“If a pregnant woman with pre-eclampsia becomes severely ill, the only ‘cure’ is to deliver the baby,” says Professor Lees. “Similarly, if her baby stops growing properly in the womb – a problem that can occur with or without pre-eclampsia– the baby sometimes has to be delivered early to avoid stillbirth.”

Babies who are born too soon, and babies who stop growing properly during pregnancy, can both face difficulties after birth.

“The onset of pre-eclampsia is often subtle, so pregnant women may not immediately realise that something is wrong,” says Professor Lees. “What’s more, we don’t fully understand what causes the condition, or why babies stop growing properly in the womb, which is hindering efforts to find new treatments.”


How could this research help?

“We’re investigating the possibility that problems with a mother’s heart and circulation could play a crucial role in the development of pre-eclampsia and in the poor growth of babies in the womb,” says Professor Lees. “We think these two complications might develop if the mother’s heart and circulation system don’t adapt properly to the additional demands that pregnancy places on them.”

The researchers are monitoring 600 women who are trying for a baby and tracking them until after birth if they get pregnant. The team is searching for early warning signs of later problems, by studying changes in heart function. (Women with pre-eclampsia have high blood pressure.)

“We hope our work will eventually lead to new screening tests so midwives and doctors can identify women and babies who are at risk very early in pregnancy, well before the onset of any noticeable symptoms,” says Professor Lees. “This could enable more tailored maternity care, with women at risk getting help sooner. A better understanding of changes in the body that lead to pre-eclampsia would also help in the development of new treatments.”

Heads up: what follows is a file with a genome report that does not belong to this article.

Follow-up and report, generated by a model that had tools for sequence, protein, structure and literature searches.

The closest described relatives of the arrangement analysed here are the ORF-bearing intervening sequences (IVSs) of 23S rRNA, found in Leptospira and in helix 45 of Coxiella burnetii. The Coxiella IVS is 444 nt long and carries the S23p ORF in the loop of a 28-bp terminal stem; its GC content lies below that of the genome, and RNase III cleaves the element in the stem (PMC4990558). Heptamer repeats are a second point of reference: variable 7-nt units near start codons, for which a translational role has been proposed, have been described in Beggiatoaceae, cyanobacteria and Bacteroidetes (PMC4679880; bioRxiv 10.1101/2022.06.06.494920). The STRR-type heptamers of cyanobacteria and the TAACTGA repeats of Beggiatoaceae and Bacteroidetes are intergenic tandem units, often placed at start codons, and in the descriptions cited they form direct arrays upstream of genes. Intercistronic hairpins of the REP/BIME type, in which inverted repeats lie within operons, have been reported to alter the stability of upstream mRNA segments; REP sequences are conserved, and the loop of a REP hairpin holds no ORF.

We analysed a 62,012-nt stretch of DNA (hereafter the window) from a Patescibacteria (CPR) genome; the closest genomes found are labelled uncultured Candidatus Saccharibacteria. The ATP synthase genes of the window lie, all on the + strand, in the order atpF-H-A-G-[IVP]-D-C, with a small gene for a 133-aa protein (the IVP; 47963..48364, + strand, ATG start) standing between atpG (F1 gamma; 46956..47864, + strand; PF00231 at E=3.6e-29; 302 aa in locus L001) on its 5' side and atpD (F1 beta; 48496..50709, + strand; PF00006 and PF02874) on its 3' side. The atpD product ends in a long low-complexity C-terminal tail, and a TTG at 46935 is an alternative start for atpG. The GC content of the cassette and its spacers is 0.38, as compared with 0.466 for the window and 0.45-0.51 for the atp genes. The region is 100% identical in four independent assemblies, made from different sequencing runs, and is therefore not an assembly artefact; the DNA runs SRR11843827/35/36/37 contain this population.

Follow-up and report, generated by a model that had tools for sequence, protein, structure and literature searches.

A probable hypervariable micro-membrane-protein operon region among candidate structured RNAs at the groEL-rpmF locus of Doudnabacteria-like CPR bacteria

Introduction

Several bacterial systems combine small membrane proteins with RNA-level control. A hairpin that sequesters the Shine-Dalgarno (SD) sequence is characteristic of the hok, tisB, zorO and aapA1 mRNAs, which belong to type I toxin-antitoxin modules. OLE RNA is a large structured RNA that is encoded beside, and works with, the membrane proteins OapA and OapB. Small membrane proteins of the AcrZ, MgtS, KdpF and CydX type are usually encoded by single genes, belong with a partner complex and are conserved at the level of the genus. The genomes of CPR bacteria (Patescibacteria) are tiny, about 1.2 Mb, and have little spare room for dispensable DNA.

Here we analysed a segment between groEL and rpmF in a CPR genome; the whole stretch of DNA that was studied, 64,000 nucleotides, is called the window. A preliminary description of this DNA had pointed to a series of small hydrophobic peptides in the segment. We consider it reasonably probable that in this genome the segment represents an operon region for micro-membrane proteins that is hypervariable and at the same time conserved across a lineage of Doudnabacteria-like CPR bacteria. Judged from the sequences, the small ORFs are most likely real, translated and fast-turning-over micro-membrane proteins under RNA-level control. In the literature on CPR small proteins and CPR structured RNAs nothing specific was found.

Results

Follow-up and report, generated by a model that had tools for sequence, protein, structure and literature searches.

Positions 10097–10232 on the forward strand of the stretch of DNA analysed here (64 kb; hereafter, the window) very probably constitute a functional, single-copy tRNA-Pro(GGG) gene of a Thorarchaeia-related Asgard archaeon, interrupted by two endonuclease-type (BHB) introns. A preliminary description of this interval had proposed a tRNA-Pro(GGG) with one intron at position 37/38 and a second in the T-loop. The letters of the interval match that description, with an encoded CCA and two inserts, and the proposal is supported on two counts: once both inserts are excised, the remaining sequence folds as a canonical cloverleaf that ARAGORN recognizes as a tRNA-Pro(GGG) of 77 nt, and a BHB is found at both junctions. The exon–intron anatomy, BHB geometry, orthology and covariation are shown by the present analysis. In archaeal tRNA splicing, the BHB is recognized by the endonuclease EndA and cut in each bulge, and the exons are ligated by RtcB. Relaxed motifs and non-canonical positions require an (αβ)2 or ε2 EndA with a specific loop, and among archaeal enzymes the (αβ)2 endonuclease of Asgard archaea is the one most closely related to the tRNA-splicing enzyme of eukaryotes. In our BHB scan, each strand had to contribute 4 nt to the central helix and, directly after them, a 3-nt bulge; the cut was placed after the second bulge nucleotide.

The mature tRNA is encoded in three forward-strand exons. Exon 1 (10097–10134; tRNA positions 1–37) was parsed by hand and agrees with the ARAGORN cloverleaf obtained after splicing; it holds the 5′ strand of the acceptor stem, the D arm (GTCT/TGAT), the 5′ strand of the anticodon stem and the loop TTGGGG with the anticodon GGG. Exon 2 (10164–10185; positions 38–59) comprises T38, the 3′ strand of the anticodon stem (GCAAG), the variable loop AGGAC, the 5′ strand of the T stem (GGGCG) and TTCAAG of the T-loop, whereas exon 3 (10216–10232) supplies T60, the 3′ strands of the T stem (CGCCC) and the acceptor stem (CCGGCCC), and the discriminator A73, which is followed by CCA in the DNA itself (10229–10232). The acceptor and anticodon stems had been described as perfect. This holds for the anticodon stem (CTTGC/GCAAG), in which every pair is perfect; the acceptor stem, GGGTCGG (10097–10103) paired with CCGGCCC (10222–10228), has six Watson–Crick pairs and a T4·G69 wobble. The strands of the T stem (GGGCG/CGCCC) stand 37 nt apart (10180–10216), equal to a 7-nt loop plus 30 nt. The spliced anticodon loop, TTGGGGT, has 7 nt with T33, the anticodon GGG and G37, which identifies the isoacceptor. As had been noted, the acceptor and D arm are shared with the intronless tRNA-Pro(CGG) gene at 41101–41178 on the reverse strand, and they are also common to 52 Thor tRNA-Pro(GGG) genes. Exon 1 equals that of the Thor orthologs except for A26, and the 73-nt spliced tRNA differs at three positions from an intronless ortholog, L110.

1. NHS Choices. Pre-eclampsia. http://www.nhs.uk/conditions/Pre-eclampsia/Pages/Introduction.aspx Website accessed 11 February 2016.
  2. Davenport F. 2014 Imperial College London. Researchers track mums-to-be in search for pre-eclampsia risk factors. Available at: http://www3.imperial.ac.uk/newsandeventspggrp/imperialcollege/newssummary/news_21-10-2014-10-39-0 Website accessed 12/03/2016
  3. NHS Choices. Pre-eclampsia – Complications. http://www.nhs.uk/Conditions/Pre-eclampsia/Pages/Complications.aspx Website accessed 12/03/2016




Project Leader Professor Christoph C Lees MD MRCOG
Project Team Professor Phillip Bennett PhD FRCOGProfessor Ian B Wilkinson BA BM BCh MA FRCPDr Carmel M McEniery BApplSc PhDDr David MacIntyre BSc(Biotech) PhD
Project Location Centre for Fetal Care, Queen Charlotte's & Chelsea Hospital, Imperial College NHS Trust
Project Location Other Faculty of Medicine, Department of Surgery & Cancer, Imperial College LondonExperimental Medicine & Immunotherapeutics (EMIT), Addenbrooke's Hospital, Cambridge
Project duration 15 months
Date awarded 18 December 2015
Project start date 1 March 2016
Project end date 31 October 2017
Grant amount £158,886
Grant code GN2450